Norwegian adventurer Lars Monsen spent 947 days crossing the Canadian wilderness by canoe and dog sled. A 7000 mile journey through the middle of nowhere.
He encountered wolves, bears, forest fires, icy waters and winter temperatures down to minus 80 degrees during his two-and-a half-year trip. He told a local TV reporter that at one point he did not dare go to sleep for four days and nights, for fear that he would not wake again from the extreme cold.
Will any one of us face such physical extremes? No. But Jesus does require us to be spiritually prepared just like this. He said it quite clearly:
“...if any want to become my followers, let them deny themselves and take up their cross daily and follow me.” Luke 9:23
How ever do we do this? The world would prefer that you not be spiritual; that you pay no attention to your soul, your spiritual journey.
Lars Monsen spent many an hour going over his list of needs based on all the possibilities that he would face on a long, Canadian arctic journey: transportation, proper clothing, shelter, food supplies, camping and survival gear. He took nothing with him that he didn’t need.
Our lists of spiritual preparation, however, may not look as clean.
We carry baggage that would make a camel feel burdened. Somehow, in spite of Christ’s redemptive work on our behalf, we still decide to box our own selves in.
How much baggage are you carrying around? What has piled up on your plate that you won’t let go of? I see in last Tuesday’s paper an article appeared regarding spiritual practice. The article is entitled “Power Of Self-compassion.” Say what? Self-compassion? Who does that?
The author writes: “We’re good to our kids and grandkids, and we want to save the whales, but when it comes to being on our own side, forget it.” Jen Weigel.
Church, Jesus loves you in the best way possible. The love he offers is the only item necessary for our spiritual list. Can you start to let a little bit of that love in? Today would be the perfect day to begin to let his love lead us outside the box. You can love the world but if you treat yourself poorly, Jesus’ purpose for you will go lacking.
What better day than the first day of Advent to start tossing stuff, lightening our load, deleting physical, mental and spiritual baggage that only hinders and causes us to stumble. You might think about it like going under the sink occasionally to get rid of all that toxic junk that accumulates down there.
In Advent we are called to clean our spiritual house; and not only clean it, but replace the poison with Christ’s love and forgiveness.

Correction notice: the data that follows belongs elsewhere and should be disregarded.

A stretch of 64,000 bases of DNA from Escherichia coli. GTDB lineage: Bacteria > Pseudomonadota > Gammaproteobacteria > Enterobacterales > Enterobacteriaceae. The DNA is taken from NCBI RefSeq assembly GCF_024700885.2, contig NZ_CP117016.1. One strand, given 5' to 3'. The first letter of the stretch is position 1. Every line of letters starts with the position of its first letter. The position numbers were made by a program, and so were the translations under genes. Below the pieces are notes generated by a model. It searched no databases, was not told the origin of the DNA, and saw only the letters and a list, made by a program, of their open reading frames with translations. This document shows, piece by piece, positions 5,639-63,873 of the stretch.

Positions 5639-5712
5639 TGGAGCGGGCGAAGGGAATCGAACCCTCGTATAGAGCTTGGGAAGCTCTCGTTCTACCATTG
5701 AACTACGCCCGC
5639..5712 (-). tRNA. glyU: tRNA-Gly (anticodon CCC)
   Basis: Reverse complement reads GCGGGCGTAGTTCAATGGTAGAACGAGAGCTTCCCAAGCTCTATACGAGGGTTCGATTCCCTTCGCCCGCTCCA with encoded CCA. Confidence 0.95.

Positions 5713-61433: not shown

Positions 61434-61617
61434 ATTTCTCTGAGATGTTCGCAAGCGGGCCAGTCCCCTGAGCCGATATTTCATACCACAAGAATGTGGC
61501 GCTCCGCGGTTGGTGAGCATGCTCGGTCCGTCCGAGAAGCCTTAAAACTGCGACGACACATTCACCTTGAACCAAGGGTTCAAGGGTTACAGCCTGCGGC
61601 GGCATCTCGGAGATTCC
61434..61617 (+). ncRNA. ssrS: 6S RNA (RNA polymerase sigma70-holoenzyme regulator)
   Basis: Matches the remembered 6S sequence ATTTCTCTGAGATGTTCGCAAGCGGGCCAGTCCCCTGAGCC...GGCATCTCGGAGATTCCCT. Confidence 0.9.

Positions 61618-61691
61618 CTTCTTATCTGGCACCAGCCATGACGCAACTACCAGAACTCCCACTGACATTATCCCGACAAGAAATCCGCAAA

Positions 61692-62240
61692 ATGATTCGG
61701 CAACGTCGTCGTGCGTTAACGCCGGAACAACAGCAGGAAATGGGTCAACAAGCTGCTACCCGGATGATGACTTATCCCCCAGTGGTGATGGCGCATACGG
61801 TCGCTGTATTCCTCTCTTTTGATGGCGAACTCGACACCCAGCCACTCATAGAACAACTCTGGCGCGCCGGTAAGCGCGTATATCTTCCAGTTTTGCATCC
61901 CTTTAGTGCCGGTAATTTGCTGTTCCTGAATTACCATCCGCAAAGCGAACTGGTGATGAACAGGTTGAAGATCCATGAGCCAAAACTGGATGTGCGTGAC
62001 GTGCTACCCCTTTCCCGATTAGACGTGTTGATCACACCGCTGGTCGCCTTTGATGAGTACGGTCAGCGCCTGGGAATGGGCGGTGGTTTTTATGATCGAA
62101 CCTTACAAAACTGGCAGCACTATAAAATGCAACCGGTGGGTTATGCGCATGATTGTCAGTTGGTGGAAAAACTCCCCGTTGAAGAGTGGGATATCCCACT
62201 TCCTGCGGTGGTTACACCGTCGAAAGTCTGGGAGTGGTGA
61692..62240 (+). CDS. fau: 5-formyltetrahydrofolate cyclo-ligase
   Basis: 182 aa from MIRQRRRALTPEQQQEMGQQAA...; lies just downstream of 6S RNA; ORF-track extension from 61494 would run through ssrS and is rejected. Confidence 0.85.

“...Beware, keep alert; for you do not know when the time will come.”
Outside the box
In times of economic hardship or uneasiness about the future the urge to leave the present is strong. All manner of prophets have manipulated, multiplied, added, subtracted, and divided the numbers to be found in various books of the Bible to come up with their own dates for the coming of Christ. In the 19th century alone, dates announced for the Second Coming of Christ included 1835, 1838, 1839, 1843, 1844, 1866, 1870, and 1873.
Forecasting Christ’s coming is still a big business.
Roy Bonisteel, a columnist, writes about just such an experience. "A few years ago," he says, "I noticed in my local paper that a farm was for sale a few miles from where I lived. I didn't know the owner that well, but I was familiar with the farm. As a boy I had climbed its hills where towering pines reached for the sun. I had cross-country skied over its fields, hiked across its meadows and along its sparkling creeks. There was a large brick farmhouse and a sturdy dairy barn on the property. Mildly interested, I visited the owner, a man in his 40s, and asked why he was selling.
"Because the world is coming to an end one year from next month. I'm getting rid of all earthly possessions," he answered. When I inquired about the price, he replied, "$25,000." Considerably more interested, I protested, "But this place is worth five times that." "I know," he said, "But $25,000 is all I need to live on for one year. -- We are promised that when Judgment Day comes, the wicked will perish and the righteous shall inherit the earth. Not only will I be saved, but I'll likely get my farm back."
"I stared at him in astonishment and disbelief," says Bonisteel. "Then I bought the farm."
History is full of too many false predictions, based on a yearning to have an inside track to the future. Is it any wonder that religion leaves much skepticism in its wake.
A friend once told me about a small resort town in the Sierra Nevada Mountains which he liked to visit on weekends. The town had a movie theater of sorts that was open only on weekends. You could never plan on seeing a movie, he said, because, for economic reasons, the management had a policy of not running the film unless at least ten people showed up. As soon as ten paying customers were there, the movie would begin, whether it was 7:00 pm, 8:20, or 10:00 o'clock. If less than ten people came, it was a "no show." There was no exact schedule.
Is that any way to run a business? Certainly not a conventional model.
But one thing is for sure, the schedule was up to the management.
Can we accept that as true also? That we are not management, rather we are the help? Our task is not setting or predicting the schedule, but laboring in the vineyard
Five hundred years ago, Martin Luther wisely advised: "We are to believe and live and love and work as though Jesus Christ died yesterday, rose today, and is coming tomorrow." If we are doing our duty, however simple that duty may be, on the day Christ comes for us, our lives will be complete.
Yes, we are still waiting. Are we waiting for the right reasons? You won’t find CNN News offering hourly reports of anticipation. No battery of lawyers will be filing suits and counter-suits to get the kingdom of God in just the exact form necessary. No government officials are preparing for the transition from the kingdom of this world to God’s reign. We only have the testimony of the One who told us to keep watch, and the baby in the manger who reminds us how surprised everyone was the last time it happened.